For Big Data, It Was The Best Of Times, It Was The Worst Of Times

Author

Howard Baldwin, Contributor

April 6, 2015

So you’re trying to figure out whether your company should invest in big data analytics. You may be a CIO, you may be in marketing; doesn’t matter. You’re looking at what other people are doing to see whether this technology is going the way of smartphones or Microsoft Clippy.

You have my sympathy. There are those of us who find big data inherently fascinating and ultimately fruitful, as long as you have the data sources and you know the analysis that will help you the most. But as indicated by my Dickensian title, reading about big data may lead someone to think that they’re thumbing through a tale of two completely different technologies.

On the “best of times” side, it’s frequently easy to find stories of enterprises using big data to great advantage. Bob Violino wrote in Information Management last week about United Healthcare deriving benefits across multiple departments, including “financial analysis, fraud and waste monitoring, cost management, pharmacy benefit management, clinical improvements and more.” He quoted Ravi Shanbhag, the firm’s director of data science, solutions, and strategy, as saying, ““The data is so interrelated across business groups, I would be hard-pressed to find an area that is not directly or indirectly touched by these initiatives.”

Though the article was short on quantification, it’s clear that United Healthcare has made a big committed and is on the road to getting a big data bang for the buck.

Ditto for game manufacturer King Digital Entertainment, best known for the big entry in what a colleague of mine used to call “fritterware”: Candy Crush. It uses Hadoop and other tools together, under the auspices of more than 60 data scientists. They analyze “large swaths of player data,” including time spent playing, transactions made, and devices used. In turn, they’ve made design tweaks to increase player retention, according to Computing article from last week.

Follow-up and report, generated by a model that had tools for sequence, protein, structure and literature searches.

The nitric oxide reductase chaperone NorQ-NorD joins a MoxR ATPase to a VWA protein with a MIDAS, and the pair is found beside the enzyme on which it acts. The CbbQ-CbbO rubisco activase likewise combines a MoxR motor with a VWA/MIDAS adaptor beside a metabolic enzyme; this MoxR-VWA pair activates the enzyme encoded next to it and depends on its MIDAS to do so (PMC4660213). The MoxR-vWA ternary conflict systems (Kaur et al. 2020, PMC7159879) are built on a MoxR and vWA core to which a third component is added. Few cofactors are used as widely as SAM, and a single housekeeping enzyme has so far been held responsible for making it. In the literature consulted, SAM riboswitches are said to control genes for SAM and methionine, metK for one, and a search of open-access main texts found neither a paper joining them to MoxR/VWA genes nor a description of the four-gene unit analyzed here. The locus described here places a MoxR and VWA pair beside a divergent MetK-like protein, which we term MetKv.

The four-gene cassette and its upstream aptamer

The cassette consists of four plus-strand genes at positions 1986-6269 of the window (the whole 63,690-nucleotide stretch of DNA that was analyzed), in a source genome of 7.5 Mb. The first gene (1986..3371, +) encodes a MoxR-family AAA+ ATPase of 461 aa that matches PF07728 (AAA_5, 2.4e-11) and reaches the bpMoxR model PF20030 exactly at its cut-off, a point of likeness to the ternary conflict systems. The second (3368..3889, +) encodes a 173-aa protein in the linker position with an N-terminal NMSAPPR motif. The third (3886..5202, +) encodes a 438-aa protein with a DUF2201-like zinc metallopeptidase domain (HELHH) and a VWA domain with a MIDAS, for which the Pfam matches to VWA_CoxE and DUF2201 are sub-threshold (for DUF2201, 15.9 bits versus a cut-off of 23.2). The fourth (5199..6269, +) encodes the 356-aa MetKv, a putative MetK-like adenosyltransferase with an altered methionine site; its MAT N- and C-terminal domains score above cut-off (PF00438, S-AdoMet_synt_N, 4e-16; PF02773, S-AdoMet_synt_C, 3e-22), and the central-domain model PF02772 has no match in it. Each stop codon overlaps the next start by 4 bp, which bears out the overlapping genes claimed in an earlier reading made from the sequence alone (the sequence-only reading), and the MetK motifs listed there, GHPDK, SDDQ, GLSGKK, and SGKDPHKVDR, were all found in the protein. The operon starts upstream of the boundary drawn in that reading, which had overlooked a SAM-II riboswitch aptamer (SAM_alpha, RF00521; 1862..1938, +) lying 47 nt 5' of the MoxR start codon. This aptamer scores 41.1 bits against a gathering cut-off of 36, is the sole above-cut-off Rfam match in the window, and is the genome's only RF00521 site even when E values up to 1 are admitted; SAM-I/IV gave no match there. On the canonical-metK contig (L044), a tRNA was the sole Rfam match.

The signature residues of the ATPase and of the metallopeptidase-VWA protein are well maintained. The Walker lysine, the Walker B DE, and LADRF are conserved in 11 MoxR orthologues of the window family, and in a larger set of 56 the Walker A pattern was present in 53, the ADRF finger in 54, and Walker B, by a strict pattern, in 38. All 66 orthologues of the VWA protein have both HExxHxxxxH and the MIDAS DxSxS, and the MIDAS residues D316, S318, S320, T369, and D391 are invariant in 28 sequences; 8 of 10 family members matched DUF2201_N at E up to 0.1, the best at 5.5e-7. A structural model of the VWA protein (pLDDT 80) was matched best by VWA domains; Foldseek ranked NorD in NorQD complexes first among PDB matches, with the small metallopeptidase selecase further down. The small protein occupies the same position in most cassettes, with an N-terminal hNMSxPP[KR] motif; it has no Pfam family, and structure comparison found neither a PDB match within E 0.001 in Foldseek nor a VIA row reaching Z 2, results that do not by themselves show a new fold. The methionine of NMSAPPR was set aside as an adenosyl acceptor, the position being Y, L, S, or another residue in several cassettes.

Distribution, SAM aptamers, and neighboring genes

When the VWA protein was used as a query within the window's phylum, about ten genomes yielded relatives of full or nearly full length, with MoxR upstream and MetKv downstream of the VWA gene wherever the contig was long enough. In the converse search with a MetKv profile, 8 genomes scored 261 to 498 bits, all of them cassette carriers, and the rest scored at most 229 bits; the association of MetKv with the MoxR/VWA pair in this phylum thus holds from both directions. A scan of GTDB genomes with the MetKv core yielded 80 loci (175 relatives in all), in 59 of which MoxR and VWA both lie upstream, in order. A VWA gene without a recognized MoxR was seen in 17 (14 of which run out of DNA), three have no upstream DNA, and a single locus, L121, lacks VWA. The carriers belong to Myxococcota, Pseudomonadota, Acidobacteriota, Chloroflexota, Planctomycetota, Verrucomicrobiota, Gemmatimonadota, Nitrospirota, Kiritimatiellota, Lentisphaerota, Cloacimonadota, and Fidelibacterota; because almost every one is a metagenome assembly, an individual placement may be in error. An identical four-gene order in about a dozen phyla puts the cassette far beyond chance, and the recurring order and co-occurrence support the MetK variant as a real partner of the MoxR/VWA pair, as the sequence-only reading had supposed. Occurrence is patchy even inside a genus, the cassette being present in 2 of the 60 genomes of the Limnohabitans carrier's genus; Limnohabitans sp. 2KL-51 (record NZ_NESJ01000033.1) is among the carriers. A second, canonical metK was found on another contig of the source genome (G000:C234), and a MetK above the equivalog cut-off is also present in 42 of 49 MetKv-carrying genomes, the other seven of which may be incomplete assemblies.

On the “worst of times” side, it’s equally easy to find pundits and surveyors who give the impression that big data is more hype than hope.

Even frequent big data supporter Mary Shacklett wrote last month on Tech Republic about why big data analytics strikes out sometimes, including as she notes, failing to predict flu outbreaks, oil slumps, and even baseball success. She notes accurately, “Big data analytics is still in an early learning period when it comes to predicting human behavior. Modern humans have been on the planet for 200,000 years, and we still haven’t figured out why we act the way we do! Even with associational ‘thinking’ and processing, machines are limited in predicting human behavioral outcomes.” Would that kind of outlook convince your C-suite to invest millions of dollars, though?

eWeek reported last week on a study commissioned by Snowflake Computing, a developer of data warehouse solutions for structured and semi-structured data, reported that big data is “hyped, but not deployed.” Its survey of more than 300 technology and analytics professionals showed that just 16 percent have invested in big data, and “[o]f the companies that have invested, 5 percent have fully deployed big data strategies and 11 percent are in a pilot.” According to the results, 41 percent said they are “intrigued” but have yet to investigate big data further.

To invoke another long-dead English writer (this time Alexander Pope), that falls under the category of “damning with faint praise.”

For every survey, though, there is usually an equal and opposite survey. This one falls into a third category, best labelled as “cautious optimism.” Computerworld reported a couple of weeks ago that according to a survey of more than 1,100 IT executives, “interest in big data continues its steady rise,” with more than half currently implementing or planning to implement data-driven projects in the next year. As author Johanna Ambrosio notes, however, there are still budgetary limitations, security issues, and lingering issues with product quality. “[S]ome 40% judged existing products and services as excellent or good, but 44% called them adequate or poor.”

Well, nobody’s perfect.

Let me close with a reference to a story that looks like it’s going one way and is really going another, Bernard Marr’s piece on Business Insider a couple of weeks ago on why big data is just a fad. I’m with him on this one because I feel the same way about cloud computing. Just as someday we’ll stop talking about cloud and just refer to infrastructure, we’ll also someday stop talking about big data and refer to it for what it really and truly is: just data.

This article was written by Howard Baldwin from Forbes and was legally licensed through the NewsCred publisher network.


Great ! Thanks for your subscription !

You will soon receive the first Content Loop Newsletter